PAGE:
Keyframe: He might have. [He didn’t]. It seems in Gimli that you were able to strike on another Maddin hallmark, one that doesn’t appear in The Dead Father, exemplified in this case by the “Angels of Mercy.” You have this knack for finding the most beautiful women to appear in your films. I don’t know how it’s possible, but they’re always there. You have this thing for faces…

Maddin: Yes, and they have to be anachronistic faces. They have to seem somehow that they belong to another time or place. I was a little beyond my years already. I’d already adopted that forty-something habit of hanging out in cafes alone with a notebook. That sort of “foreign legion of the middle-aged men” who are just sort of always scouring and scouting the world’s surface for faces. Male or female or whatever, and if you get a few with acting ability, it’s sort of a bonus. They look good. Some of them. I filled up most of the cast after that movie with thirteen-year-old girls, actually. I have this theory that girls could look a lot older on film than they really do if they wear makeup. I noticed that during Halloween. It’s from the six-year-olds that look like badly-used thirty-year-olds. Because, what do you dress up as if you’re a little girl on Halloween? A hooker. So I see a lot of the coal-eyed treatment. Paid a heavy price for it, though. Showbiz parents hanging around all the time, who don’t really love their children but are doing something sick [to their kids]. Whatever it was that I was doing wrong, they were doing far worse, so I retired a few of the thirteen-year-olds and replaced them with twenty-year-olds and things like that because it just wasn’t worth the trouble. Parents that are willing to step on their children to get closer to the director. It was really strange. A really strange scene.


Keyframe: This is your first collaboration with Kyle McCulloch. He appeared in the first three pictures.

Maddin: John Paizs discovered him somewhere. He was a good little Mormon boy at the age of eighteen when Paisz put him in a movie. Next thing you know, Kyle was smoking and drinking – things a good little Mormon boy should do. He disappeared for about a year and a half. He was a Neil Cassidy kind of guy in real life, despite being alone. Kind of a charasmatic to the ladies, kind of a drifter, and he just hopped on a boxcar one day and disappeared. All sorts of rumors drifted back to Winnipeg. That he had died or that he had won the lottery – I remember those two were the two most common. And then finally he just came back to Winnipeg. He had neither died nor won the lottery. He’d just gone boxcar-hopping for a year and a half. He came back just in time, ’cause I’d had him in mind while I was writing this thing.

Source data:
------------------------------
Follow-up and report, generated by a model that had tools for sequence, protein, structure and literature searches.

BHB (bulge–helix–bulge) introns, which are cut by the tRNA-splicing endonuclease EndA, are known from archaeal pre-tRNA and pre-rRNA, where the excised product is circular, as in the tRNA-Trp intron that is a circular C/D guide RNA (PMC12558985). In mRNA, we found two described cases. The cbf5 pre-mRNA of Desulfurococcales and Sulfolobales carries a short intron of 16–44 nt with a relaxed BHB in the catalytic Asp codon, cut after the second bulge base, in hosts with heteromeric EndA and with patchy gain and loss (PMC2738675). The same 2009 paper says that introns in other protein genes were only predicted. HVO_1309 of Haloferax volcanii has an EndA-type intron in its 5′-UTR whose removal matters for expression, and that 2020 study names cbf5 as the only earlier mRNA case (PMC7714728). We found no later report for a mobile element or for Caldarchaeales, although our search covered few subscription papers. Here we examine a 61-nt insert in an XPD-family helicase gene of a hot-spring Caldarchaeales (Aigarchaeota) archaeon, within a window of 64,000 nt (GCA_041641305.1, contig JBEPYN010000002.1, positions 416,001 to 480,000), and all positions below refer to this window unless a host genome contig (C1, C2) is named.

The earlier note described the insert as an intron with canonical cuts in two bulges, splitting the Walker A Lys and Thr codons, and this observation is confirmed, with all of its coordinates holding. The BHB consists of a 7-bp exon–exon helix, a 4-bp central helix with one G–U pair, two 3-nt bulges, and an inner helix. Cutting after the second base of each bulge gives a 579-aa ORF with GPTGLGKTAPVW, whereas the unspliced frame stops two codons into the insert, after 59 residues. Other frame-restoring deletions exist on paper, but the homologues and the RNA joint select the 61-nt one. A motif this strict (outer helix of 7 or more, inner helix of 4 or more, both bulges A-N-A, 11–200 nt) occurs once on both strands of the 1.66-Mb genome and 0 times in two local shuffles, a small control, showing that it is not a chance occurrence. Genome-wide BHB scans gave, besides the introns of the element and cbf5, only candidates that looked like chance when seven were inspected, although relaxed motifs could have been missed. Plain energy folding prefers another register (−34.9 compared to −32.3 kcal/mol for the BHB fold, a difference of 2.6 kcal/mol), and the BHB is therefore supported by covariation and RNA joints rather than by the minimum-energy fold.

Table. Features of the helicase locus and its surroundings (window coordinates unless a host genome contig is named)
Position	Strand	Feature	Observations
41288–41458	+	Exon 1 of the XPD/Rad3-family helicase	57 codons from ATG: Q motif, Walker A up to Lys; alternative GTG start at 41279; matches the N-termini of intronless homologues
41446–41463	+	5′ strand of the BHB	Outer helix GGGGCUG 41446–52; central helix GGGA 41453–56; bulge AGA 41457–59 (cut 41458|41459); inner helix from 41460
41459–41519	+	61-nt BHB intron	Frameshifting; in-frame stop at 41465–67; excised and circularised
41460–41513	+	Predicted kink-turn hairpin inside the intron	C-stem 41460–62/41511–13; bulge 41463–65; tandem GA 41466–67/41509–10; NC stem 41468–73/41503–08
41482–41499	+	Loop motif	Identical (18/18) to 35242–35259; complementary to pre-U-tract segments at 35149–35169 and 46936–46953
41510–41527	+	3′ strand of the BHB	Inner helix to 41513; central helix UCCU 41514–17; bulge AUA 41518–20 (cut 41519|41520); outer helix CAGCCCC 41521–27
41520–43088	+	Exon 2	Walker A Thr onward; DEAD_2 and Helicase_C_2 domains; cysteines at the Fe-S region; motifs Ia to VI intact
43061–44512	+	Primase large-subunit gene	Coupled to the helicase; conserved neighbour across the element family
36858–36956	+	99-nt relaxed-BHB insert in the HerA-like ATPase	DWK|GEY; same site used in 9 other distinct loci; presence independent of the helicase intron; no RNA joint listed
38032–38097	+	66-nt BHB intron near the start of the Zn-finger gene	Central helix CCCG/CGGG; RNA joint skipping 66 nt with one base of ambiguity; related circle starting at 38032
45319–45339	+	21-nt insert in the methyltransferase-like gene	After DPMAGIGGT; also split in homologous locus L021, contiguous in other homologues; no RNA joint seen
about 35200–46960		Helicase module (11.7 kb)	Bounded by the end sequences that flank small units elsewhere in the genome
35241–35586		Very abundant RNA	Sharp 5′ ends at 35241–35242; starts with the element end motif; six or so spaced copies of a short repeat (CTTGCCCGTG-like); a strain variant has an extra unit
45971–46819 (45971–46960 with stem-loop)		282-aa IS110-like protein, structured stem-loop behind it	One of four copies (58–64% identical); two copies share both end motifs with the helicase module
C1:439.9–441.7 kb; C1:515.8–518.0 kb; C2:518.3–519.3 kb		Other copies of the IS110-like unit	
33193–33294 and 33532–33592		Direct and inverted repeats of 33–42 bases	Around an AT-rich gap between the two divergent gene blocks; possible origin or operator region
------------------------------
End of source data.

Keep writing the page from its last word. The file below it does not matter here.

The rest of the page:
I didn’t know many actors, I only knew the few that John Paisz had used. John decided he hated Kyle McCulloch by that point and he didn’t want to use him anymore. I was happy to use him. Kyle and I became very close filmmaking buddies. We hung out mostly while working on films together and then only occasionally during other things because he… I can’t stand not having a roof over my head and he doesn’t mind just sleeping on a pile of cardboard. It’s not so true now. He’s married and he lives in a beautiful home in Los Angeles with his wife. He’s got this job as a writer for South Park. But when he was younger, he was one of those guys that could just sort of go play pinball all afternoon and then fall asleep on the sidewalk. I always needed to be home for dinner at 5 pm even though there was no one home to make it for me. I had to be home or my imaginary parents would get mad at me or something. Even when I was an adult. He was sort of like the fox in Pinocchio. He wasn’t into method acting or anything. He takes his acting seriously but I could just tell him to do something. I could just show it to him and he would imitate me perfectly and then improve on it. He’s really funny; he’d do improv and stuff. He is “Mr. Expressionism,” you know. He’s where a person’s inner landscape is reflected in the outer landscape and he augments it with all sorts of great sort of miming. He sort of had that set of false modesty gestures that I use all the time down pat.

Keyframe: It isn’t likely that you’ll ever work together again?

Maddin: I’d love to work with him. I don’t know if it’s likely, you know, ’cause he’s busy on his writing job. A year and a half ago, I called him up to offer him a part in this movie Cowards Bend the Knee, playing me. I thought of him first. He’s maybe seven years younger than I am. We’re both about the same size and he’s always been sort of a reflection of me because he does a good impersonation. But he was busy working on South Park and there were scheduling difficulties so I asked a new slimmer, younger me to come on and take my place.